Nevertheless, the Attorney General takes an oath to uphold the laws of the state of Maryland. Furthermore, the Attorney General is responsible for prosecuting all death penalty appeals, so as long as the death penalty is on the books, as the Attorney General, I would execute the office to the best of my ability and vigorously prosecute all death penalty appeals. Interestingly, in upholding the law, the Attorney General should use all its resources to keep Marylanders safe, and protected. Therefore, from policy, fiscal and pragmatic perspectives, the death penalty may detract from that goal.

The Attorney General is responsible for advising the General Assembly and the Governor on the best course of action regarding all legal matters. As the chief legal officer of the state, the Attorney General has a vested interest in a policy that is cost-effective and has the greatest chance of protecting every person in the state. Abolishing the death penalty frees up millions of taxpayer dollars to devote to better transparency, fairness and protection from threats of all kinds, including violent crime.

CARDIN & FROSH TANGO ON HOT-BUTTON ISSUES // SPEED CAMERAS ON THEIR RADAR: It appears that both Senator Frosh and Delegate Cardin agree that Maryland should repeal the death penalty this year. But that's not the only issue they agree on. Maryland Juice just noticed that both Frosh and Cardin are promoting laws to reign in abuses by speed camera manufacturers. State and local governments have been ramping up photo tickets during the recession, and numerous Marylanders have become irate at persistent news coverage indicating that camera manufacturers are reaping massive windfalls from false or erroroneous tickets. Check out the pair of dueling press reports below from WJLA and CBS News:
WJLA: A portion of each $40 speed camera ticket goes back to the vendor. It varies from jurisdiction to jurisdiction, but the distribution can be as much as 40 percent.... Driver Kim Naylor said, "I think it's a kickback. I think it's not good...and they shouldn't do it. That's how I feel about it." In fact, Maryland State Senator Brian Frosh says lawmakers never wanted the camera companies to get a per ticket bounty. But somehow cities are using a supposed loophole, and Frosh wants it to stop....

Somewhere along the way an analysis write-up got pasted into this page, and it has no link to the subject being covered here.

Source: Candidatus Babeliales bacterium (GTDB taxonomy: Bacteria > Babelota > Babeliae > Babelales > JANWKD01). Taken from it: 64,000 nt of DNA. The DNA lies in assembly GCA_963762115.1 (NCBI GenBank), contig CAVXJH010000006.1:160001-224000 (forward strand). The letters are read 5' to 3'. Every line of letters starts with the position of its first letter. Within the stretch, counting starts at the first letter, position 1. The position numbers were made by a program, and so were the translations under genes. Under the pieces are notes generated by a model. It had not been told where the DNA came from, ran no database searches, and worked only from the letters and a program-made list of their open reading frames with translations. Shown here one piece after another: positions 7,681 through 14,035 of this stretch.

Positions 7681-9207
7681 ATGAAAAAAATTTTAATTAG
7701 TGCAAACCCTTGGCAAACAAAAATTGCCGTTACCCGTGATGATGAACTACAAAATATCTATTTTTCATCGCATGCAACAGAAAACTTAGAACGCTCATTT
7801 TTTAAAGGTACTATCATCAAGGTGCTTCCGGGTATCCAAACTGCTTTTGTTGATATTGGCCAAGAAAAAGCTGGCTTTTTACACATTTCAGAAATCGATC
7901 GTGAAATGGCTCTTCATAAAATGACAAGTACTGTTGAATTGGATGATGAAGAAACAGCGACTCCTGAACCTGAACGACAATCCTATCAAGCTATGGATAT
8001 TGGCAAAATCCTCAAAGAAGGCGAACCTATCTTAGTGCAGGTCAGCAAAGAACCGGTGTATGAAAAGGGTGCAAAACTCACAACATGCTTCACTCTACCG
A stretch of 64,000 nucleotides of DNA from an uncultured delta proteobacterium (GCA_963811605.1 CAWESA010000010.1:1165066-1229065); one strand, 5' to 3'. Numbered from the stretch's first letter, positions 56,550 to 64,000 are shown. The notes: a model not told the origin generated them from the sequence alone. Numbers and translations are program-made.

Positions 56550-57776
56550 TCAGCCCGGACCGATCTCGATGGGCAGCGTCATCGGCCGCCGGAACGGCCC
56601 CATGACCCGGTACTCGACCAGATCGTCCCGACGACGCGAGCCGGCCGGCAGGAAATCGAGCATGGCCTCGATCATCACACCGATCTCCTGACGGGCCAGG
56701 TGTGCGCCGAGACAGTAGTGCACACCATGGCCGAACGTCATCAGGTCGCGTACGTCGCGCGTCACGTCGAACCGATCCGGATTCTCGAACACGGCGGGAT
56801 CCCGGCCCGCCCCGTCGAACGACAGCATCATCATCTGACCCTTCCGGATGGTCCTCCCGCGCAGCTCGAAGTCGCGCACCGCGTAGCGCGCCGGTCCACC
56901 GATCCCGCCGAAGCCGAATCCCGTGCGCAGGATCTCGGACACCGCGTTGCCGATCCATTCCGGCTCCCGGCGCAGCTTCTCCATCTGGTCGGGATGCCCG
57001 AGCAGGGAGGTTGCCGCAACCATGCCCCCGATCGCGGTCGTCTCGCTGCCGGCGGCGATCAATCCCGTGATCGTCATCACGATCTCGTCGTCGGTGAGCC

Ij response to the issue, Frosh is trying to prohibit speed camera manufacturers from receiving a commission for every ticket they issue a driver. Not to be outdone, here comes Delegate Jon Cardin on the same issue, but his proposal is to issue fines to camera manufacturers who issue erroneous tickets:
CBS NEWS: A state lawmaker proposes punishing speed camera companies for the giving out of bogus tickets after reports of camera glitches at a handful of Baltimore City cameras.

In response to complaints about speed camera accuracy, [Del. Jon Cardin] proposes each county be required to audit their speed camera system for errors, holding contractors accountable. He says each inaccurate ticket should result in a $1,000 fine.

Maryland Juice will try and keep tabs on other issue developments in the 2014 Attorney General Race. But up next, we will soon be releasing commentary from the field of candidates for 2014 Governor about the death penalty. More soon!